Our results indicate the adsorption capacity of our peat is 19 mg Cu per gram of peat (Table 1). This is consistent with the results of Sen Gupta et al. (2009), who found an adsorption capacity of 18 mg Cu per gram of peat. Most commercial fertilizers contain about 8 μM (0.5 ppm) of unchelated Cu, which means that all Cu will be bound initially by the peat. In the absence of plant growth, 37 L of 8-μM Cu nutrient solution would need to be added per 1 g of peat to overcome the saturation capacity. This value implies plants can extract Cu from the media. The high adsorption capacity of the peat likely led to Cu being adsorbed, and thus reduced toxicity.

Soilless media may include other OM-rich substrates, such as coconut coir and sawdust. Shukla et al. (2009) found a maximum adsorption of 2.5 mg Cu adsorbed per gram of coconut coir. Shukla and Pai (2005) saw 8.1 mg Cu per gram of sawdust. Both coir and sawdust therefore have lower adsorption capacities for Cu than peat, but still bind appreciable levels of Cu. For any OM-rich media, the form and concentration of Cu supplied by the fertilizer should be assessed to achieve an optimal application rate.

Chelates can be used to increase bioavailability in OM-rich media because they reduce adsorption to OM functional groups (Tills 1987). We used EDTA because it is a common chelate with a high affinity for Cu.

Tomato was more tolerant to greater concentrations of Cu than lettuce. The biomass accumulation of lettuce grown in deep-flow hydroponics decreased at Cu concentrations greater than 4 μM (0.25 ppm), but tomato was tolerant up to 8 μM. This shows a species difference in tolerance to Cu. The concentration of Cu can be increased to eight times greater than normal levels in tomato, but only four times greater for lettuce.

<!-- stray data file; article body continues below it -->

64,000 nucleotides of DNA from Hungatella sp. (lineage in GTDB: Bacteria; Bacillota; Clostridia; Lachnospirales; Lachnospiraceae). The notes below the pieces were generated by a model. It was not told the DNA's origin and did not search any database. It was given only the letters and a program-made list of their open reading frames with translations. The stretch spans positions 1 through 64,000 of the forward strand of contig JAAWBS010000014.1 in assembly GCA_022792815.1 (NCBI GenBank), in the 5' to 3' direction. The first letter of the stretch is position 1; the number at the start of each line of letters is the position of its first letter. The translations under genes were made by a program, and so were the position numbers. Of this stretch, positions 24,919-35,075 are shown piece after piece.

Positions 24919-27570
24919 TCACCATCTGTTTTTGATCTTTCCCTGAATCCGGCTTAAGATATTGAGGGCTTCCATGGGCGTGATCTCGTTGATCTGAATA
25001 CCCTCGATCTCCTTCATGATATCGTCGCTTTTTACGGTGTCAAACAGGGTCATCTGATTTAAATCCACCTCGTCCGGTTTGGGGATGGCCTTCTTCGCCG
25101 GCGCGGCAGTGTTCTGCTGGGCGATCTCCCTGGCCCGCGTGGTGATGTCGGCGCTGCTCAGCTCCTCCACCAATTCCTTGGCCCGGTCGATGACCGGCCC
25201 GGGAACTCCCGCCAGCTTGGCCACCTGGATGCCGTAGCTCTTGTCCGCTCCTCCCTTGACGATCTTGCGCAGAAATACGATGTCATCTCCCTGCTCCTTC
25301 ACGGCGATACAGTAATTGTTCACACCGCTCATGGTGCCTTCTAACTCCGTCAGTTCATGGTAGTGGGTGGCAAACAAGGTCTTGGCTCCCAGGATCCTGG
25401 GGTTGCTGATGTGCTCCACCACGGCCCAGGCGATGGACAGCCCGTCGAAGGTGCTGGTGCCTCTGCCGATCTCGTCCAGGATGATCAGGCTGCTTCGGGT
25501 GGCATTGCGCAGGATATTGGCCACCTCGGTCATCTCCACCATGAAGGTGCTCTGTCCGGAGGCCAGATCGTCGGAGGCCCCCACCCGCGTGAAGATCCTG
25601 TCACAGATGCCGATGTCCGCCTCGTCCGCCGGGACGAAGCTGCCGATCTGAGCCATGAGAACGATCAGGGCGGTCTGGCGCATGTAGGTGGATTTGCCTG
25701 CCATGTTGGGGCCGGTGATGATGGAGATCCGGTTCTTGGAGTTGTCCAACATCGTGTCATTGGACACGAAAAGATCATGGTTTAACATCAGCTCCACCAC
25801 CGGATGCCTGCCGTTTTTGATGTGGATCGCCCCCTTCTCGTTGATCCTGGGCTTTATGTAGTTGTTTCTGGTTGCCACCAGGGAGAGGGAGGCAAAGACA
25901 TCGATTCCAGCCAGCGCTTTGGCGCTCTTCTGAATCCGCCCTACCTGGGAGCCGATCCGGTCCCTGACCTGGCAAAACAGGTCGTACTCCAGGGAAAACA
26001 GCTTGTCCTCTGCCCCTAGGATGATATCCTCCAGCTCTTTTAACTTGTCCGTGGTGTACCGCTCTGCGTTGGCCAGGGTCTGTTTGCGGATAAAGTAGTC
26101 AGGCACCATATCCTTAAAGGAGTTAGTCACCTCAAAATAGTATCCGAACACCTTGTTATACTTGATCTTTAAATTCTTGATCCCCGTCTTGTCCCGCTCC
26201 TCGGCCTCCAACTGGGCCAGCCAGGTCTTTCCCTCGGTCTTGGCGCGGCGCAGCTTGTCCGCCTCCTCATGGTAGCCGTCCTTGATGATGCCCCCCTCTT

The optimal leaf tissue concentration of Cu in lettuce and tomato is generally considered to be 5 to 20 mg⋅kg–1 (Marschner and Marschner 2012; Robinson 1987). Elevated Cu concentrations in the hydroponic nutrient solution led to increased accumulations of Cu and toxicity symptoms in leaves (up to 26 mg⋅kg–1 Cu) and roots (up to 465 mg⋅kg–1 Cu) of tomato. Roots at lower Cu levels were bright white, whereas roots at the highest Cu level (64 μM) were light brown. However, toxicity levels vary among crops. MacKay et al. (1966) saw toxicity in lettuce (cv. Premier) starting at 13 mg⋅kg–1 Cu in leaf tissue, which is close to the toxicity levels in this study. Carrot (Daucus carota L. var. sativa D. C. cv. Nantes), onion (Allium cepa L. cv. Autumn Spice), and cauliflower (Brassica oleracea, var. botrytis L. cv. Primosnow) had similar toxicity thresholds; Cu toxicity in spinach (Spinacia oleracea L. cv. Wisconsin Bloomsdale) occurred at about 64 mg⋅kg–1 Cu in the leaf tissue (MacKay et al. 1966). If substrates with an adsorptive capacity for Cu are used, greater concentrations may be supplied in the nutrient solution without toxic accumulation in leaf tissue.

The use of hydroponics facilitates the analysis of nutrients in root tissue without damaging the roots. At elevated Cu concentrations, root concentrations of Cu were more than an order of magnitude greater than in leaf tissue. Many of the most detrimental fungal and fungal-like diseases (e.g., Pythium and Fusarium) attack the plants through the roots. This elevated concentration in root tissue should be even more effective in inhibiting root fungal and fungal-like diseases.

We have long added Si to both hydroponic solutions and peat-based media (Bugbee 2004) because of the reduction of disease and tolerance of drought stress [see references cited in Langenfeld et al. (2022)]. Elevated Si in the root zone can also help regulate the uptake of micronutrients (El-Beltagi et al. 2020; Nowakowski and Nowakowska 1997) and can mitigate heavy metal toxicity, such as Cu (Frantz et al. 2011; Li et al. 2008). Copper thresholds may be affected based on the bioavailability of Si in the growing medium.